An argument that interests me is the debate concerning what value simulations provide for researching new ideas and garnering new knowledge. As Herbert Simon succinctly puts the argument in The Sciences of the Artificial, “How can a simulation ever tell us anything that we do not already know?” The arguments backing this skeptic’s question are that 1) simulations are no better than the assumptions they are built on and that 2) simulations can only do what they’ve been programmed to do.
Simon continues with a response which is far more concise and sound than I could express in my own words…
There are two related ways in which simulation can provide new knowledge. … Even when we have correct premises, it may be very difficult to discover what they imply. … [We] must tease out the consequences of our assumptions. … [For example] attempts have been under way for some years to apply [simulation to weather and weather prediction. While simulations for this environment are] greatly oversimplified, the idea is that we already know the correct basic assumptions, the local atmospheric equations, but we need the computer to work out the implications of the interactions of vast numbers of variables starting from complicated initial conditions.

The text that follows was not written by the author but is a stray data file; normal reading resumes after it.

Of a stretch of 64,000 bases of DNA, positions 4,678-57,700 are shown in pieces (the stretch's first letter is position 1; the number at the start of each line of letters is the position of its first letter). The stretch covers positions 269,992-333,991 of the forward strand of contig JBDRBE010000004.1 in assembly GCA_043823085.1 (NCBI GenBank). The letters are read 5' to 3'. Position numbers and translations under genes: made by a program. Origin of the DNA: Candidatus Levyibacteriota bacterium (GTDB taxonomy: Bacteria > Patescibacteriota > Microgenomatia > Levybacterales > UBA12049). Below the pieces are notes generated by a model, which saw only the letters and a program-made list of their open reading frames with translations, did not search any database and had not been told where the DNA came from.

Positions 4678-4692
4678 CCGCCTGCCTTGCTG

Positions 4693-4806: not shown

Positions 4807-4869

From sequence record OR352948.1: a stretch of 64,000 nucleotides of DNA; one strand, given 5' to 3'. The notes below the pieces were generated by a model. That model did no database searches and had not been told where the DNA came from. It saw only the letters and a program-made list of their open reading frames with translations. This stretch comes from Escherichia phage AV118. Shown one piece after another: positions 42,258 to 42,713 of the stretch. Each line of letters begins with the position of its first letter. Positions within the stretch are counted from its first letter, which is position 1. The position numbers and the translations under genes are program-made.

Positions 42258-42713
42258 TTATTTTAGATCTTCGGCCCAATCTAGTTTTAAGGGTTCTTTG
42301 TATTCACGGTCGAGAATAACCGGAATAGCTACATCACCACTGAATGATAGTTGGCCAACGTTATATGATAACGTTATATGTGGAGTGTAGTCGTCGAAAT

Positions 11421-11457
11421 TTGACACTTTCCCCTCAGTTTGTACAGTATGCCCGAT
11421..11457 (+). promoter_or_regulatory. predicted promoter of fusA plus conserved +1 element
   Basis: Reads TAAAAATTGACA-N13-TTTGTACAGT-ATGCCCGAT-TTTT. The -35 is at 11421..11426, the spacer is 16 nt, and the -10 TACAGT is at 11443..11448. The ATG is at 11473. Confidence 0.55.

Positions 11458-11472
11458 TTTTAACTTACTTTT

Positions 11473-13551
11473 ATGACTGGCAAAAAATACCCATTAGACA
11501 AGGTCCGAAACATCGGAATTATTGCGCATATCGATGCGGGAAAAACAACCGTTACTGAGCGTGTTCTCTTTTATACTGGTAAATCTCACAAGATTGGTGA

Accordingly, simulations provide a means to create “canned” environments, or scenarios with known initial conditions, and to watch the implications of our assumptions play out on those conditions. Obviously, simulations are also immensely assistive as a means to test out new ideas without investing large amounts of time and money into speculative hardware requirements.
Certainly a challenge with the creation of any simulation for the purposes of knowledge creation is 1) the realistic re-creation of the environment and 2) the realistic re-creation of the agent which will be responding to stimuli and/or acting upon the environment. Indeed, one can find him/herself spending as much time on generating the environment and simulated agent as they might in actually building the agent itself (e.g., a mobile robot). Some vendors have taken great strides in recognizing this challenge and accommodating users, accordingly. For example, while simplistic, Lego NXT robots may be designed within Lego Digital Designer and converted into Robot Operating System (ROS) compatible models using the NXT-ROS stack to rapidly produce and simulate an assortment of ideas in differing environments. Increasingly available tools and solutions, such as this, are allowing vastly more complicated scenarios to be brought into varying, simulated environments for feasibility testing of new ideas. (If you’d like to discover many other available simulation environments, I invite you to also take a look at Simulations Environments for Mobile Robotics.)
So while it’s difficult to replace the feedback and learning of “the real-world,” simulations still provide a veritable proving ground for observing the implications that well-grounded assumptions, with known initial conditions, have in a wide array of possible environments, with sometimes surprisingly real-world results.